All online media agencies or enterprises operating in the UAE without licences will be fined or shut down, according to new regulations.
The National Media Council (NMC) on Tuesday issued a set of regulations for electronic media, which govern all online activities, including e-commerce, publishing and selling of print, video, and audio material as well as advertising.
The new guidelines require all news websites, electronic publishing outlets, and on-demand printing, including commercial activities conducted through social media within the UAE to first get a media licence from the NMC, allowing them to operate in the country.
Social media ‘influencers’ need licence
Under the new regulations, social media influencers promoting brands and businesses for cash will also need to get a media licence.
According to the NMC, all media enterprises operating without licences have been given three months to ensure their activities fully comply with the new regulations.
Officials have also warned that establishments violating the media law will be slapped with fines of up to Dh5,000 or have their online websites or social media accounts shut down.
“The regulations apply to all electronic media activities carried out within the UAE, including those in free zones,” Dr Rashid Al Nuaimi, NMC’S Executive Director of Media Affairs said during a press conference on Tuesday.
“The regulations requires that any form of electronic media activity that is determined by the National Media Council shall be prohibited except after a decision has been issued that approves the granting of a media licence in accordance with the laws and regulations.”
The new regulations, according to the NMC, seek to help the UAE media sector remain on top of the rapid developments in electronic media, in addition to enriching and organising digital content, and ensuring that media material respects the religious, cultural and social values ??of the UAE, all the while promoting freedom of expression and constructive dialogue.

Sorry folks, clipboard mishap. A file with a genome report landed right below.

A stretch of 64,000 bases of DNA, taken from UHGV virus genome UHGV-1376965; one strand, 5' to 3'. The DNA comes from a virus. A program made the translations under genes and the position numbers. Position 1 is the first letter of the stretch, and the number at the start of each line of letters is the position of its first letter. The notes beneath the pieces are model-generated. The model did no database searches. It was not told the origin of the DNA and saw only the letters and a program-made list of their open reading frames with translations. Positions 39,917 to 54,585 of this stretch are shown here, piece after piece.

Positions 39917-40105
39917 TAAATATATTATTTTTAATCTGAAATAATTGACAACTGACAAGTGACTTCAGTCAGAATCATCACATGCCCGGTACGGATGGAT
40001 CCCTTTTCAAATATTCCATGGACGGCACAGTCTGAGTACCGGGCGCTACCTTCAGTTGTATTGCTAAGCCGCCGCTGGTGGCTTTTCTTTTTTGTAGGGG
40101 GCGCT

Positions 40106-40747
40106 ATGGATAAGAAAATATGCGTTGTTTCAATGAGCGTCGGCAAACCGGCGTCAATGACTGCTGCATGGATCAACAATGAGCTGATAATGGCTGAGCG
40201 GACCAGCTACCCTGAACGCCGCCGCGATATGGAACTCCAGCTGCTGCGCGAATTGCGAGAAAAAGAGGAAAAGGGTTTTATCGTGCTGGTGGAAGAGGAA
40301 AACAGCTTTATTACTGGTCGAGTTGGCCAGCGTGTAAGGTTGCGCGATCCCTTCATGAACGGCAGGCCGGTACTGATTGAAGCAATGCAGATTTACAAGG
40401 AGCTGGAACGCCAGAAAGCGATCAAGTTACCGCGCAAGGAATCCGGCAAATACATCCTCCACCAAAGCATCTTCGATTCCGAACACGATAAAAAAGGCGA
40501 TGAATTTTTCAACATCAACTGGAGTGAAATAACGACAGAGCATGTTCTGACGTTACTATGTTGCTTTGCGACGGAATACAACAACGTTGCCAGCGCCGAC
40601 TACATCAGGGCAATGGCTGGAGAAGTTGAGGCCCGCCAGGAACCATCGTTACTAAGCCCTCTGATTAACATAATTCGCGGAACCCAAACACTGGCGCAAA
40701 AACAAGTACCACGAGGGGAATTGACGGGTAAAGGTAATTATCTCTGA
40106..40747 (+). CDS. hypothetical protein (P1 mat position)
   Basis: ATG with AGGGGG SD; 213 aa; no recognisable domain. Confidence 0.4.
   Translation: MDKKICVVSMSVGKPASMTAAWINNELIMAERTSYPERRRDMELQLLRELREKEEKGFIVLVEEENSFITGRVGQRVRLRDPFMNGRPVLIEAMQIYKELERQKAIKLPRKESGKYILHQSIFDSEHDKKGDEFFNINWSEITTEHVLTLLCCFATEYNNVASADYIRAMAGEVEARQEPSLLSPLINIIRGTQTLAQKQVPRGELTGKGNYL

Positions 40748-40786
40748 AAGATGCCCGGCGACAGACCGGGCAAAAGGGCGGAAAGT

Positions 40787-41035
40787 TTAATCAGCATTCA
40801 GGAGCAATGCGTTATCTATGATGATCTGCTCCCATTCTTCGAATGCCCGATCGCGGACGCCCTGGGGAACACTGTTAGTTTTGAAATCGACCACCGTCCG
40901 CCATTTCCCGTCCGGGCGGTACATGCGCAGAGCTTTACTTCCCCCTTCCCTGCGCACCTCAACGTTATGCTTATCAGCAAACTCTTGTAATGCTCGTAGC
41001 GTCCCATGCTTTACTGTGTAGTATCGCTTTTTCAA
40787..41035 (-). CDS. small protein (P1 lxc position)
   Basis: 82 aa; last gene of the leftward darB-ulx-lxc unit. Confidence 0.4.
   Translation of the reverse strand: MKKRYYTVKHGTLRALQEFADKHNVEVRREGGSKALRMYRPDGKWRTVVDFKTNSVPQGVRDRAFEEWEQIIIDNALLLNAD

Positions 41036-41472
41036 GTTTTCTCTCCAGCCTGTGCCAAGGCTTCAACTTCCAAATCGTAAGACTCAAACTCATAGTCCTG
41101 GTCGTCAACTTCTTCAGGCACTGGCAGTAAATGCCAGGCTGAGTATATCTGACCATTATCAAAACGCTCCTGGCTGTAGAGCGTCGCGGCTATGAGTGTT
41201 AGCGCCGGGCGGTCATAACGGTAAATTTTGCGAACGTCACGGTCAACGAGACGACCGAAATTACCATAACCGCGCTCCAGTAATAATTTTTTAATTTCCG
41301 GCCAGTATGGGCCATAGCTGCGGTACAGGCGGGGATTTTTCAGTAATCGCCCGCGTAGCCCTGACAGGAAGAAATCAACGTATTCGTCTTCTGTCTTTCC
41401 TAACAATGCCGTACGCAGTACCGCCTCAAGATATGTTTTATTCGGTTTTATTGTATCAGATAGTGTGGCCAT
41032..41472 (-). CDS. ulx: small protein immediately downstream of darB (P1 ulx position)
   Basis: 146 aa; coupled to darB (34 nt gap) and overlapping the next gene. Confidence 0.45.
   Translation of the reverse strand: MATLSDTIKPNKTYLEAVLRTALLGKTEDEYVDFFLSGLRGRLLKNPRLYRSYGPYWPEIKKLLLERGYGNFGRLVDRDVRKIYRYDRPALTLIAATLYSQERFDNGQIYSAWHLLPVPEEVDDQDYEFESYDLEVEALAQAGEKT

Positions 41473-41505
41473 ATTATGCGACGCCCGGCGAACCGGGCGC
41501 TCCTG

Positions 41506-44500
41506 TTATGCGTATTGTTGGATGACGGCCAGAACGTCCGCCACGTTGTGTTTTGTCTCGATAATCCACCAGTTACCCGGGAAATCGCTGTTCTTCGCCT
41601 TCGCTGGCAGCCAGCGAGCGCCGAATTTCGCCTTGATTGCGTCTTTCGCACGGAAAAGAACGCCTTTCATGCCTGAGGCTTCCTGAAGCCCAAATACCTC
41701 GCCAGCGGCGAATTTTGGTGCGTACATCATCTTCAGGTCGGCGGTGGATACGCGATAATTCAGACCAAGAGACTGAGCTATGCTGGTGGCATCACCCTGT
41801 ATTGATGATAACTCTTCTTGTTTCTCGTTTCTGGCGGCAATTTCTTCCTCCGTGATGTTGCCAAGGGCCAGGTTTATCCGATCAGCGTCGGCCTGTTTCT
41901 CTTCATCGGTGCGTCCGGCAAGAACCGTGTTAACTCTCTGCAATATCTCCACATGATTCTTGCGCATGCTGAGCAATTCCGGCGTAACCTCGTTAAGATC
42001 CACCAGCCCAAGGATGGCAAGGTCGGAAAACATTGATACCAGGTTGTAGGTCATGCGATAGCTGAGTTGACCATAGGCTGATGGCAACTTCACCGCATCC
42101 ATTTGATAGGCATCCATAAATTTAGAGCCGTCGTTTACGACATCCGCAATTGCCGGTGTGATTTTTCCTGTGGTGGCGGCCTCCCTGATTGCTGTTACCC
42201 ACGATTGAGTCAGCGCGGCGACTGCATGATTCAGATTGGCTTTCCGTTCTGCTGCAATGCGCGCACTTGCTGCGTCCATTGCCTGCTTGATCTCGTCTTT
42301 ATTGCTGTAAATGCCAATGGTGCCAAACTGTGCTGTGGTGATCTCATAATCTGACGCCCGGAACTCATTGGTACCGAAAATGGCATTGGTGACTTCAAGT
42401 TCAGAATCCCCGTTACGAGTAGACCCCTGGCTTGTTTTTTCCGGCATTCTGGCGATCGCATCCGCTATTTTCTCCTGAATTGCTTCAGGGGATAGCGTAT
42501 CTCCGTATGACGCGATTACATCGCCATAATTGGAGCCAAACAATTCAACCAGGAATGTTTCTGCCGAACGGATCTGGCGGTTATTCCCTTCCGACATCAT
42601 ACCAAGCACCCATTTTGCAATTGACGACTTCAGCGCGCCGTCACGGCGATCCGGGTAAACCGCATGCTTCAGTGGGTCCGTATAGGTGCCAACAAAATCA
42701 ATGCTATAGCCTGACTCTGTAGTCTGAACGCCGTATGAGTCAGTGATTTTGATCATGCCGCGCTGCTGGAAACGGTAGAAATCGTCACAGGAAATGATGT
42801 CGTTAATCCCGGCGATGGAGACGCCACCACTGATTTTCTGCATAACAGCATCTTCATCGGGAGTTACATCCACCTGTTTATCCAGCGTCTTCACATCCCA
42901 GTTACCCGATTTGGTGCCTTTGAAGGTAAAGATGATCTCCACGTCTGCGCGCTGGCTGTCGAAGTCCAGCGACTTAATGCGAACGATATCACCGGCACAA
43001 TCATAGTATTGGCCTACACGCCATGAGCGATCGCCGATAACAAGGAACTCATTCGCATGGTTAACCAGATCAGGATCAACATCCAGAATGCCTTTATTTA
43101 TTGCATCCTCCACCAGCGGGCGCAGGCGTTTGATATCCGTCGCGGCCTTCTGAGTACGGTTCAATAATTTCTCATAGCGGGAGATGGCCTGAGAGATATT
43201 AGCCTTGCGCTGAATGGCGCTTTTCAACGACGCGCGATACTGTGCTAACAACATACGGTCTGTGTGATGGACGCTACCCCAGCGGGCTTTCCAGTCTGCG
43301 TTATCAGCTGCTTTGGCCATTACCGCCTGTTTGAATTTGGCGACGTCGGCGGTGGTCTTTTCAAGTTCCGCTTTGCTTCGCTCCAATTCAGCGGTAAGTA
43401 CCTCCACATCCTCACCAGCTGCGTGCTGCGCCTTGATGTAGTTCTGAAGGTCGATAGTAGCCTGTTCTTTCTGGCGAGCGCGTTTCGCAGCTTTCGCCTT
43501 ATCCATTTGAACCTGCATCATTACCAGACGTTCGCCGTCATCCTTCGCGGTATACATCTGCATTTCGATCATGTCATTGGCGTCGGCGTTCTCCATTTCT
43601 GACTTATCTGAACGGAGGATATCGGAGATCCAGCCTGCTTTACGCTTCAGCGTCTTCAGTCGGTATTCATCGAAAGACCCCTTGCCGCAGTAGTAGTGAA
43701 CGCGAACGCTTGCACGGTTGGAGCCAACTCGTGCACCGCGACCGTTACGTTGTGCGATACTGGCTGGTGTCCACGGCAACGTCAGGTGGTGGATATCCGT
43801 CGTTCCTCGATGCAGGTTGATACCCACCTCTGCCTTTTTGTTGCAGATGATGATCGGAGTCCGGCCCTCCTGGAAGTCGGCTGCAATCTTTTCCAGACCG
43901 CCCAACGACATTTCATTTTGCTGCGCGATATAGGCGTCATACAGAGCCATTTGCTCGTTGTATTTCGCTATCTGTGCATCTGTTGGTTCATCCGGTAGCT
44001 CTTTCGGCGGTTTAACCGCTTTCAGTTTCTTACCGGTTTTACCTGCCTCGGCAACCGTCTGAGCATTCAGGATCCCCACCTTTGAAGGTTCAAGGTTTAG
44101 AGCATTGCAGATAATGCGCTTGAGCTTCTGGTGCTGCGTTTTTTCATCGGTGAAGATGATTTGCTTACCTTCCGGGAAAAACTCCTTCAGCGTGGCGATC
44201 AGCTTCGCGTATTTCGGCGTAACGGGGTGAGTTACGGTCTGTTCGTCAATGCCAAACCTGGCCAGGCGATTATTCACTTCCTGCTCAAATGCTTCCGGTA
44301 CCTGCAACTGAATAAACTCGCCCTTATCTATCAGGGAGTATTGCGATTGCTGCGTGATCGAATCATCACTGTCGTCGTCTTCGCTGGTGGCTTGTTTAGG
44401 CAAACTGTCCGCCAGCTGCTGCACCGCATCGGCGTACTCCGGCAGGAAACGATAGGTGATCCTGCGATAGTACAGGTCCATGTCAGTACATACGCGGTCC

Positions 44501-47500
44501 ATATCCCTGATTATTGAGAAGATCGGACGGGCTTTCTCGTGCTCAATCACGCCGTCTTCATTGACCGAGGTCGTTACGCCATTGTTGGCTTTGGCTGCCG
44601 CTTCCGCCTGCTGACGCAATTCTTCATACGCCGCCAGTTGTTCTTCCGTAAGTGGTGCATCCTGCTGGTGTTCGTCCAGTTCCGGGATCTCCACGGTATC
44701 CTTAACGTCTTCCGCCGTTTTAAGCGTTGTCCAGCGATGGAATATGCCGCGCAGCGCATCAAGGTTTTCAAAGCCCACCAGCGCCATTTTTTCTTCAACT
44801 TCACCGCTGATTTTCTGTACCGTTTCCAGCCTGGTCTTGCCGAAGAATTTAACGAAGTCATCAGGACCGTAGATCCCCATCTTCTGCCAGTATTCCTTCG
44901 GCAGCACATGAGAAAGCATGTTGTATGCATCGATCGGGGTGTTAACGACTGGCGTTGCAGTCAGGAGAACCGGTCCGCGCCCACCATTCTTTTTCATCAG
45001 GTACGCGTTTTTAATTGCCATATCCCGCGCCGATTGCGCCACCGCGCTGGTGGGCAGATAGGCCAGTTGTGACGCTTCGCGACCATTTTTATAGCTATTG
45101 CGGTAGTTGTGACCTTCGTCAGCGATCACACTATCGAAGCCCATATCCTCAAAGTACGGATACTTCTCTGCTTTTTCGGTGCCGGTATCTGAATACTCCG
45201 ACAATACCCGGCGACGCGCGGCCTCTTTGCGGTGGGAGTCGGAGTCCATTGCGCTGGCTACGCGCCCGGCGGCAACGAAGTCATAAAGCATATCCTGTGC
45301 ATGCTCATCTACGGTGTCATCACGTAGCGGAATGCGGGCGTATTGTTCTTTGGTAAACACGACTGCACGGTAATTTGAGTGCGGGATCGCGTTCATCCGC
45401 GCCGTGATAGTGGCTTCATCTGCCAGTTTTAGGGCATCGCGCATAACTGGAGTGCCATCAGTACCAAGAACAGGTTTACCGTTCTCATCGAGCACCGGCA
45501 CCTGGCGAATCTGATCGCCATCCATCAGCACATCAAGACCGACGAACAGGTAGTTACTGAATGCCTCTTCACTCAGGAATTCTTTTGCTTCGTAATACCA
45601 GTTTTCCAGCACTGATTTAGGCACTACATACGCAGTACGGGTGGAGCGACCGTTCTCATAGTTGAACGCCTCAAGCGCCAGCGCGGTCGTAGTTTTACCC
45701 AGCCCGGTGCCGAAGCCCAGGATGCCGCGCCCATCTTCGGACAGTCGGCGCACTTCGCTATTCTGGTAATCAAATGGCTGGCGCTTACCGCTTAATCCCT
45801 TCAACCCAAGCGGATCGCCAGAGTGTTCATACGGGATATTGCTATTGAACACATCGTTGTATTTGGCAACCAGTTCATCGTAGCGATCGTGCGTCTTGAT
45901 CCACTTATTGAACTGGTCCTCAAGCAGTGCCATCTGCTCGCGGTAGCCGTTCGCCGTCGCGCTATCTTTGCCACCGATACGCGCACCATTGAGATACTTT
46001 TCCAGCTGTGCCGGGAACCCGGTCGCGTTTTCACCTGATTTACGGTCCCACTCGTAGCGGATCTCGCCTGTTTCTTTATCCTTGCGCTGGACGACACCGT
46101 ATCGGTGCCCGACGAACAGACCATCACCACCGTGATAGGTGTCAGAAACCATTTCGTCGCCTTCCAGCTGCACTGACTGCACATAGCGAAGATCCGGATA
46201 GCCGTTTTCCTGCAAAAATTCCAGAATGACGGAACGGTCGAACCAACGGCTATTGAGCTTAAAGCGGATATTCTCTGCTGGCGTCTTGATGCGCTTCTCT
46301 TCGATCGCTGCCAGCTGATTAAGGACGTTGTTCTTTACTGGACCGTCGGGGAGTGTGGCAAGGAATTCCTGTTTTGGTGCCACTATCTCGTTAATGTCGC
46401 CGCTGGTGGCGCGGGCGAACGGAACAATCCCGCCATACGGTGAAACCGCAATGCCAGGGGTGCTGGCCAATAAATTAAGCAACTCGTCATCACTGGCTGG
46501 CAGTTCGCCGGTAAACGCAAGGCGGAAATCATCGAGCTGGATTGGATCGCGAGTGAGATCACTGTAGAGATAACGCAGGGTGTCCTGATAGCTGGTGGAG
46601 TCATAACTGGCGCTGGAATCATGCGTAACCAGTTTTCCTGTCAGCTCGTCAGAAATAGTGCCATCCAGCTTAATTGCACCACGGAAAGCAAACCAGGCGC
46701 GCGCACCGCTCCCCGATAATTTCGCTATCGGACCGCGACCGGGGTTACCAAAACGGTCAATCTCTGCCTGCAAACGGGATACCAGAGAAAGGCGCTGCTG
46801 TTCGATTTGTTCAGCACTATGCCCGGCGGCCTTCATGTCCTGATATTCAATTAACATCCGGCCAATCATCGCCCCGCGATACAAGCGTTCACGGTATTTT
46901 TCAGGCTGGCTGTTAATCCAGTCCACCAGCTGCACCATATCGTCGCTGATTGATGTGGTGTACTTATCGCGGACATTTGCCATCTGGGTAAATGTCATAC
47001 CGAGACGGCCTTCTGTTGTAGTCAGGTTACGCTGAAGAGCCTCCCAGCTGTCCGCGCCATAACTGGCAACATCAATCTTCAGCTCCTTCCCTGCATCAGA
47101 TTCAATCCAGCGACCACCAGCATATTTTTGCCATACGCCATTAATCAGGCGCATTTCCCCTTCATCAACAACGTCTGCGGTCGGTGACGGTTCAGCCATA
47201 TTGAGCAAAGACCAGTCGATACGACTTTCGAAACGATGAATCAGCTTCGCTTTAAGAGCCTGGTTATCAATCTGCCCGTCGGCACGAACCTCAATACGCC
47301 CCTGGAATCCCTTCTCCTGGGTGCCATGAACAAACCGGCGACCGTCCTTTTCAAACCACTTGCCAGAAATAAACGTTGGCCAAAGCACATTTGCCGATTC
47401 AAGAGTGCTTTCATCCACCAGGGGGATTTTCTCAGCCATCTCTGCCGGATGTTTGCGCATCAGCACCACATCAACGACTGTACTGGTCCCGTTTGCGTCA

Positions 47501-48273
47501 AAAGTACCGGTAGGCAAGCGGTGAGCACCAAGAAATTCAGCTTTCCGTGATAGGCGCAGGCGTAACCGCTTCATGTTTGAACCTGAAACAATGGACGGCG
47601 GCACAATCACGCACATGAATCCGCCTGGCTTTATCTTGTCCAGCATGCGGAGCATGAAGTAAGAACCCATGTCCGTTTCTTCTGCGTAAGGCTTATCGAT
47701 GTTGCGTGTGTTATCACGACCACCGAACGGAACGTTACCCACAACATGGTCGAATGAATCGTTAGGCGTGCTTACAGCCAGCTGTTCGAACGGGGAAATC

The new code of practice provides balanced and responsible media content that respects the privacy of individuals, and protects the public especially children from negative or harmful material.
The new law exempts websites of licensed traditional media such as newspapers, television, radio and magazines and do not need to secure new licences. The websites of government, universities and schools are also excluded from these regulations.
“The new regulations are part of the Council’s plan to promote and develop an advanced legislative and regulatory environment for the UAE media sector, keeping it up-to-speed with regards to all technological developments that have transformed media in recent times,” said Mansour Ibrahim Al Mansouri, director general of the NMC.
Al Mansouri added that electronic media has become a highly influential and widespread tool and that it is imperative that that government enhances its reliability.
“Digital media is one of the fastest-growing sectors in the Middle East, especially videos, games and e-books. Regulating this sector will attract new global investments, which, in turn, will improve its development and competitiveness,” he added.
“The new guidelines seek to enhance the contribution of electronic media to the wider publishing industry, providing legal protection for the outlets and enhancing their competitiveness, all in an effort to increase advertising spend and grow the sector as a whole.”
The new regulations adhere to the Terms of Reference of the National Media Council No. 11 of 2016, and align with the outcomes of the Future of Media Retreat, held by the NMC in February 2018.
Age Classification for Media Content
The NMC had earlier issued the age classification regulations for media content, which require relevant authorities to classify publications, electronic games, films and other artworks according to the appropriate age group, in order to preserve the UAE’s social values and its cultural heritage, and protect its children from any negative influences.
Source Credit: Khaleej Times